“Cuties”: Living in an Age of Misinformation
“The authority of those who teach is often an obstacle to those who want to learn.” ― Marcus Tullius Cicero
I admit that I jumped on the bandwagon of hate when the poster and trailer for the Netflix movie, Cuties came out. I suppose that is why I felt I had to say something after being complicit with ignorance.
The North American marketing for the movie focused on the sensationalism of the plot, not the substance. While I’ve always said that bad publicity is still good publicity, perhaps this is an exception to the rule.
People hated what they saw and wanted Netflix to cancel the release of the film. Netflix refused.
Netflix stock has dropped since the film’s debut on September 9 as people cry out in disgust at the portrayal of the eleven-year-old girls in the movie.
But I genuinely have to ask this: did any of the naysayers watch the show? Because I’ll admit that while I definitely found several scenes very difficult to watch, there was still merit to the show overall.
The notion that I’ve gathered is that a show cannot be cringy as hell but also have a point. One reviewer has a glowing review and sparsely touches on how gross this movie can get while another only talks about the grossness.
Both reviewers are, in my opinion, myopic.
The main character, Amy, is new to the city and has no friends. Her family is Muslim and she finds out her father is about to take a second wife, which deeply upsets her mother.
She sees a girl, Angelica, dancing and ironing her hair in the laundry room and is fascinated by her moves. She sees the same girl at school with her friends (Coumba, Yasmin and Jess) and around town.
These girls really stand out because they all wear shorts or tight pants and tank tops. Everyone else around them dresses age-appropriately. This was weird but I didn’t cringe probably because in a sea of kids who dressed and acted normally, they were the token outliers.
Angelica warms up to Amy, but the other girls are quite mean to her throughout the show. There is a scene where the girls dare Amy to take a picture of a boy’s penis as he goes into the bathroom. She tries to film him, he yells at her to get lost and when she goes back outside, there’s no one there.
This is one of the scenes people have cited without any context. They don’t mention that she was being pranked and that the girls were taking advantage of her.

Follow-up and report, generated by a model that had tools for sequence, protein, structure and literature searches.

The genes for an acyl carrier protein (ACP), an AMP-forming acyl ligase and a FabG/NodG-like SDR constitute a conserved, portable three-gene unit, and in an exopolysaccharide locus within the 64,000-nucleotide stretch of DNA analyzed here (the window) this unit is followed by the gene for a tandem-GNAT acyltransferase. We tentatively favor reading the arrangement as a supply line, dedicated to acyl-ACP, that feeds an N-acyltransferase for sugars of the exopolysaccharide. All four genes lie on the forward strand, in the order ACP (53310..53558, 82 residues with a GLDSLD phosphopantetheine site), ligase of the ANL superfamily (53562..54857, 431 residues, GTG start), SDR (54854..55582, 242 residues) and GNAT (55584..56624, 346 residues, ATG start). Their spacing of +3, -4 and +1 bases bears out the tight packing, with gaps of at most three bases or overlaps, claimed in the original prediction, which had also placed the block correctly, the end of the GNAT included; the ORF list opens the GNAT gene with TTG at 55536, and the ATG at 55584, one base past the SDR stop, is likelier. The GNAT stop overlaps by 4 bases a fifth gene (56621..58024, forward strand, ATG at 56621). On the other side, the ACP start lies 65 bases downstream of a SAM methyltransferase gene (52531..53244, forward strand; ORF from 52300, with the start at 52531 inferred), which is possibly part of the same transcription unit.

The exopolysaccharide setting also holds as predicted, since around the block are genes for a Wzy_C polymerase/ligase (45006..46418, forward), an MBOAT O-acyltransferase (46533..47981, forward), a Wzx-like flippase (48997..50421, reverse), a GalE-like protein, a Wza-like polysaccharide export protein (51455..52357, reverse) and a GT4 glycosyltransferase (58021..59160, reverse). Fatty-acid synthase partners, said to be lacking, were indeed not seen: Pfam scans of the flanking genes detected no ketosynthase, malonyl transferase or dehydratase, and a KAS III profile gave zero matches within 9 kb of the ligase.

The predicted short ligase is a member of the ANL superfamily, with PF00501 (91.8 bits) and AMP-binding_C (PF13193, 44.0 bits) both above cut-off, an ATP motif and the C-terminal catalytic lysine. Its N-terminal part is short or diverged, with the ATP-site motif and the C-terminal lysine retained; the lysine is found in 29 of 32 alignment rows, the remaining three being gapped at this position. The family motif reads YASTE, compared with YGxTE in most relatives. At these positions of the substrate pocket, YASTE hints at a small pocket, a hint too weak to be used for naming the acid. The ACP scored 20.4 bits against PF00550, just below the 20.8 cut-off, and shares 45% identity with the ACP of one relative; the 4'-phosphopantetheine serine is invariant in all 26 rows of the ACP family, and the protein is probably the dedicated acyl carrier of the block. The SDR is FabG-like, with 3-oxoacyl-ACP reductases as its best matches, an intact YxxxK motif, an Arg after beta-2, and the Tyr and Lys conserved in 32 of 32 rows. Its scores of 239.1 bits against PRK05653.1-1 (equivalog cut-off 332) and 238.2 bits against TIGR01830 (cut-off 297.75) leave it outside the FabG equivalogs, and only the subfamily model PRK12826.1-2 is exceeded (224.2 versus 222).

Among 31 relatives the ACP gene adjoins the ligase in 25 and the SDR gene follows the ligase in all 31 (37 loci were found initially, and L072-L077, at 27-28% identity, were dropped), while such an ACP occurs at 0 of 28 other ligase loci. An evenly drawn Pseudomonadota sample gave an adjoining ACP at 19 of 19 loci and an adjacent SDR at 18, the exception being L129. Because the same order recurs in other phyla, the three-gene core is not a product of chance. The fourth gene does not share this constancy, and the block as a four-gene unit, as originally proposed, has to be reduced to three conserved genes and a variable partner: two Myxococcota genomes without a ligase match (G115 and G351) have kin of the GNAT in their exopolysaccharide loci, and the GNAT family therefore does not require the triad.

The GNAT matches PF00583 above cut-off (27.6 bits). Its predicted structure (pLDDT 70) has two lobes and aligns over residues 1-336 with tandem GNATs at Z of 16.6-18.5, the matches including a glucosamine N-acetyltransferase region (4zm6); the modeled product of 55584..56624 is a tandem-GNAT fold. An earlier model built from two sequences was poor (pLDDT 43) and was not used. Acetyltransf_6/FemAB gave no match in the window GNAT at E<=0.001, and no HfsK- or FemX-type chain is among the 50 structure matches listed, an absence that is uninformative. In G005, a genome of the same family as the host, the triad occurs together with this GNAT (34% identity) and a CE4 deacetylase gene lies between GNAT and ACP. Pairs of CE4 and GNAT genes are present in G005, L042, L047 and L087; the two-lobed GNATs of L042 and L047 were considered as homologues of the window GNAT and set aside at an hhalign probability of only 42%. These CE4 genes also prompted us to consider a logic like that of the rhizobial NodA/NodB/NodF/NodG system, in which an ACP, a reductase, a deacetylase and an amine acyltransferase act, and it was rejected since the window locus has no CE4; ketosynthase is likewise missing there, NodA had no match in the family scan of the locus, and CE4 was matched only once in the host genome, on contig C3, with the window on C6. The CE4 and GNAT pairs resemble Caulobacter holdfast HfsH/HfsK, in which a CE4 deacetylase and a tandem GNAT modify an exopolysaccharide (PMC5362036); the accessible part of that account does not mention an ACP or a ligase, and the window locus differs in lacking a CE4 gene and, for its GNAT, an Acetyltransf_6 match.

One might ask, “But why would Amy do such a thing? Why would a girl that is raised in a somewhat strict Muslim household do that?”
This is my main issue with the show. I understand that Amy feels her mother’s pain because her father is going to take a second wife. I understand that Amy doesn’t have any friends. I understand that Amy finds the dancing to be cool. But given her background and her initial temperament, these are not sufficient motivations for her to do what she does in the show.
At this point the dancing is somewhat goofy because it’s little kids trying to do things they just can’t do, but there were moments I had to look away because the cringe was overwhelming.
There was even a scene where Coumba takes a condom and blows it up. This is another scene people cite to show their disgust. But what they don’t say is that the other girls scream in fear of what Coumba is doing. They also show their ignorance when one of them suggests that condoms are things that only people with AIDS use.
Coumba begins to cry, admitting that she didn’t know what she was doing. So they all go to a bathroom and make her swish around disinfectant and soap to get rid of any AIDS that might be there.
I laughed because that whole ordeal while pretty horrifying was ultimately benign. It highlighted more of the children’s ignorance. I thought to myself that if this were a bunch of boys, no one would care. Boys are stereotypically gross and stupid.
Coumba’s act could’ve garnered far worse repercussions, but this just highlighted the importance of monitoring your children. Throughout the movie I kept asking myself, “Does this school not have a dress code? Are these parents that negligent?” One is a plot-hole, the other is a reality for many.
If the movie glorified the girls’ actions or the absentee parenting at certain moments, then I’d have a big problem. But in order to judge this, one would have had to watch the movie to the end. This isn’t Spring Breakers where a bunch of girls murder gang members and drive off in a Lambo.
At about the midpoint of the movie (41–42 minutes), the cringe really emerges.
Yasmin embarrasses Angelica, they fight and as a result, Yasmin is off the team. Amy shows Angelica that she knows the routine but she takes it a step further. She adds even more sexual dance moves which really excites Angelica. Coumba and Jess also love it and they add it to the routine.